Checking and corrections of the errors of STL data files
Existence of the errors in STL data files, which are get from a 3D designer, engineer or modelist, is possible even when the 3D CAD model is made without mistakes.
To perform STL file data correct you will need a special software such as:
- 3D Verify
Common errors that can be found in contents of STL data files are:
- Wrongly oriented normal
- Not corrected normal
- Not corrected sections
- False internal structures
Degenerations of the facets
In ideal cases, facets from the STL data file should formatted with closed shells which are made a volume of the model. But if any facet are missing, the shell will opened, and the rifts will be made. These rifts will result in large structural differences between the inner and outer facets of the model.
Wrongly orientated normal
Directions of the normals on some facets can be printed on other side from the other facets. Because those facets will be mismatching from the rest of the surface “parts”.
Not corrected normal
Not corrected normal can show in STL data file in the case when some normal do not coincide with normal on the node of the facet.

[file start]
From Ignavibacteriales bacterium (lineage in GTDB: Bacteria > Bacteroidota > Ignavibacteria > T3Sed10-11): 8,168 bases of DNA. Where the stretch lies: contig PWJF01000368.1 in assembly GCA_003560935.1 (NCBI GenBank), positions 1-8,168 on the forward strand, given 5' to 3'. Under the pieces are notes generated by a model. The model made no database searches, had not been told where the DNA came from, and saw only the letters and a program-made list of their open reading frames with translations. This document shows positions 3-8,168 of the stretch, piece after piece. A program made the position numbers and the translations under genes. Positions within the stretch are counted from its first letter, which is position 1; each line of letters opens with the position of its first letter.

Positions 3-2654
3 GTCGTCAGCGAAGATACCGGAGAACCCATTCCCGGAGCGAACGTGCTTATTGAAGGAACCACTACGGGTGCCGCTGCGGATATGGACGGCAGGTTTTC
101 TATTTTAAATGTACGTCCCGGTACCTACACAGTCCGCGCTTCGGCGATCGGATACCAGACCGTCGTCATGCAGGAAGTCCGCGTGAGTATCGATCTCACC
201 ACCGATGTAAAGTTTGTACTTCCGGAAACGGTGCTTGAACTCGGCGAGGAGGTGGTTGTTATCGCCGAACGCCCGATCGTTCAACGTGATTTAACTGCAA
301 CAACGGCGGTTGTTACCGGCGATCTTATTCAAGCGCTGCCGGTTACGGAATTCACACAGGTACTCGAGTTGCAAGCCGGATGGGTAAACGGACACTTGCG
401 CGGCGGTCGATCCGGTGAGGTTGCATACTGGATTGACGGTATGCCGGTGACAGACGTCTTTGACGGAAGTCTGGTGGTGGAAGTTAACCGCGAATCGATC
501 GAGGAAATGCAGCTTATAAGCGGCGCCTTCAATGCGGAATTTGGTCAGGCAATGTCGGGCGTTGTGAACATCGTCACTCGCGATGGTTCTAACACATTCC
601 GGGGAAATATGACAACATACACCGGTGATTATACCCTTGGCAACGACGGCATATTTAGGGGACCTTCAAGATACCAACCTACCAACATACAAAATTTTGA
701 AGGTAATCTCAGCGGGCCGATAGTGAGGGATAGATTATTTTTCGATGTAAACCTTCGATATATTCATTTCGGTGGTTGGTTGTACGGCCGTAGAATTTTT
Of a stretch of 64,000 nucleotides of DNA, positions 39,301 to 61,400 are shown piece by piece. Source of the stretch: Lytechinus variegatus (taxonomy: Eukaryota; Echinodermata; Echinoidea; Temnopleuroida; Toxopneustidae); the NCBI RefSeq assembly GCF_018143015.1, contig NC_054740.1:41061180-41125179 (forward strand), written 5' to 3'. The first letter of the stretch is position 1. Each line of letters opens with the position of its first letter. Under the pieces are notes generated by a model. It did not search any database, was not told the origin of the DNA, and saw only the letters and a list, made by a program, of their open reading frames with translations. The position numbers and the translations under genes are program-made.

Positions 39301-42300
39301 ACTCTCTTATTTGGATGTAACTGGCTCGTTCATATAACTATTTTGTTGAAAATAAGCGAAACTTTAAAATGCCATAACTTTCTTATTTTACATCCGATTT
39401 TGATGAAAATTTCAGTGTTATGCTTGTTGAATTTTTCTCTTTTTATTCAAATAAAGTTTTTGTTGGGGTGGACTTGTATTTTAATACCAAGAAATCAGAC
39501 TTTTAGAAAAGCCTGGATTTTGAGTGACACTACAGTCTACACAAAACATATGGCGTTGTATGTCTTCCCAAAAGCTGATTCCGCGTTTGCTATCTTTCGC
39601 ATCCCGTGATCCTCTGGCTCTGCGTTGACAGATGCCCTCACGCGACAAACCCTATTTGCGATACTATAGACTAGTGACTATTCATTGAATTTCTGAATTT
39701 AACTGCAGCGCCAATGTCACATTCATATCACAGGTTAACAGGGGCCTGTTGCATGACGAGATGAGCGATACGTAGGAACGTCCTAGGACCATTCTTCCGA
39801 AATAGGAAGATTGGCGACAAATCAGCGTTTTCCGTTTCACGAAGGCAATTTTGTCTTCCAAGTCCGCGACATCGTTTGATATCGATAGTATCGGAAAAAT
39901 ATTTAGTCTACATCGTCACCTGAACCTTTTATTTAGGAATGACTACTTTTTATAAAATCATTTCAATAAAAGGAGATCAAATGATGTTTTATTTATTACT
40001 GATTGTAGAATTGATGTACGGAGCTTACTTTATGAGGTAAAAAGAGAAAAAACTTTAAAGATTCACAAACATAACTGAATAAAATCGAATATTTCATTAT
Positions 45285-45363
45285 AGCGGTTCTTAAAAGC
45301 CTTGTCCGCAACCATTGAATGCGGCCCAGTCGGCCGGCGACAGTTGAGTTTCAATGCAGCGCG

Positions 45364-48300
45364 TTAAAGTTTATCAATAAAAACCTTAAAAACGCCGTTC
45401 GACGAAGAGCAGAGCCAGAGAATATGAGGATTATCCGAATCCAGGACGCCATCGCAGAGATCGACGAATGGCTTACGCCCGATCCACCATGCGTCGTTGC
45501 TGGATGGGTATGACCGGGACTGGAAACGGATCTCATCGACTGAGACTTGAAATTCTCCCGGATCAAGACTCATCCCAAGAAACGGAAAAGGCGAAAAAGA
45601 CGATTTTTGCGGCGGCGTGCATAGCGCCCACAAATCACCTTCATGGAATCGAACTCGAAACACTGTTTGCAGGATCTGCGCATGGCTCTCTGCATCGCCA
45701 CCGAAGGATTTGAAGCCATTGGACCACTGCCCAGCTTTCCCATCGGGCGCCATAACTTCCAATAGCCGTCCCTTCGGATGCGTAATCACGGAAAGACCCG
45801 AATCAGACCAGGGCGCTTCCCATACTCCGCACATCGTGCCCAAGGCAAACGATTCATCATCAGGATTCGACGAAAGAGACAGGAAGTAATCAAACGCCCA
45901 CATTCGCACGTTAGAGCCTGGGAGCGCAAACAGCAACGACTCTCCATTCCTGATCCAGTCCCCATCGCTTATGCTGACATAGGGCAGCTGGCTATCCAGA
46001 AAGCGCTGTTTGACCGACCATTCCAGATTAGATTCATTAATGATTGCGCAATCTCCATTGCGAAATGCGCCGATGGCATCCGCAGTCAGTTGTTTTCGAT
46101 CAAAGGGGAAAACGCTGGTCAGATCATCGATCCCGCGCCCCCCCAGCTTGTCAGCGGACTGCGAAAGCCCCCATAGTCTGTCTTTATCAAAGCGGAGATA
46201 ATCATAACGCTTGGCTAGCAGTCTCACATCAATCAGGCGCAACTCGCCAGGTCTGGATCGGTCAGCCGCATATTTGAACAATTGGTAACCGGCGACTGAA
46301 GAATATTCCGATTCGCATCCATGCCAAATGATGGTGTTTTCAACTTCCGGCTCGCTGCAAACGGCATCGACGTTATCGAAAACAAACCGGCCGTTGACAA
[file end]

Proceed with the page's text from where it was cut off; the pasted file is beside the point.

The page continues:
Not corrected sections
It shows when the lines of the sections of two facets do not coincide with their edges. In that case they will be made “folded” facets.
False internal structures
Errors in geometric algorithms, when closing the rifts in STL data files, can result in misrepresentation of the false internal “walls” and the structures. Causes of the false internal structures can also be and the solid modeling of the files which do not corresponds with the demands of the rapid prototyping (RP) technology.
Unsteadiness can show when is trying to merge two different STL files.
References, Literature and sources:
- Rapid Prototyping and Rapid Tooling Techniques for the Manufacturing of Silicon, Polymer, Metal and Ceramic Microdevices
- T. Hanemann, W. Bauer, R. Knitter, and P. Woias
- Forschungszentrum Karlsruhe, Institut f. Materialforschung III, Postfach 3640, D-76021 Karlsruhe, Germany Albert-Ludwigs-Universit ̈at Freiburg, Institut f. Mikrosystemtechnik, Georges-Koehler-Allee 102, D-79110 Freiburg, Germany
- Rapid Prototyping and Rapid Tooling M. Plancek
- University of Novi Sad 2009
- Geometric Modeling Based on Polygonal Meshes
- Scientific research:
- Leif P. Kobbelt (Organizer), Stephan Bischoff, Mario Botsch Kolja Kähler, Christian Rössl, Robert Schneider, Jens Vorsatz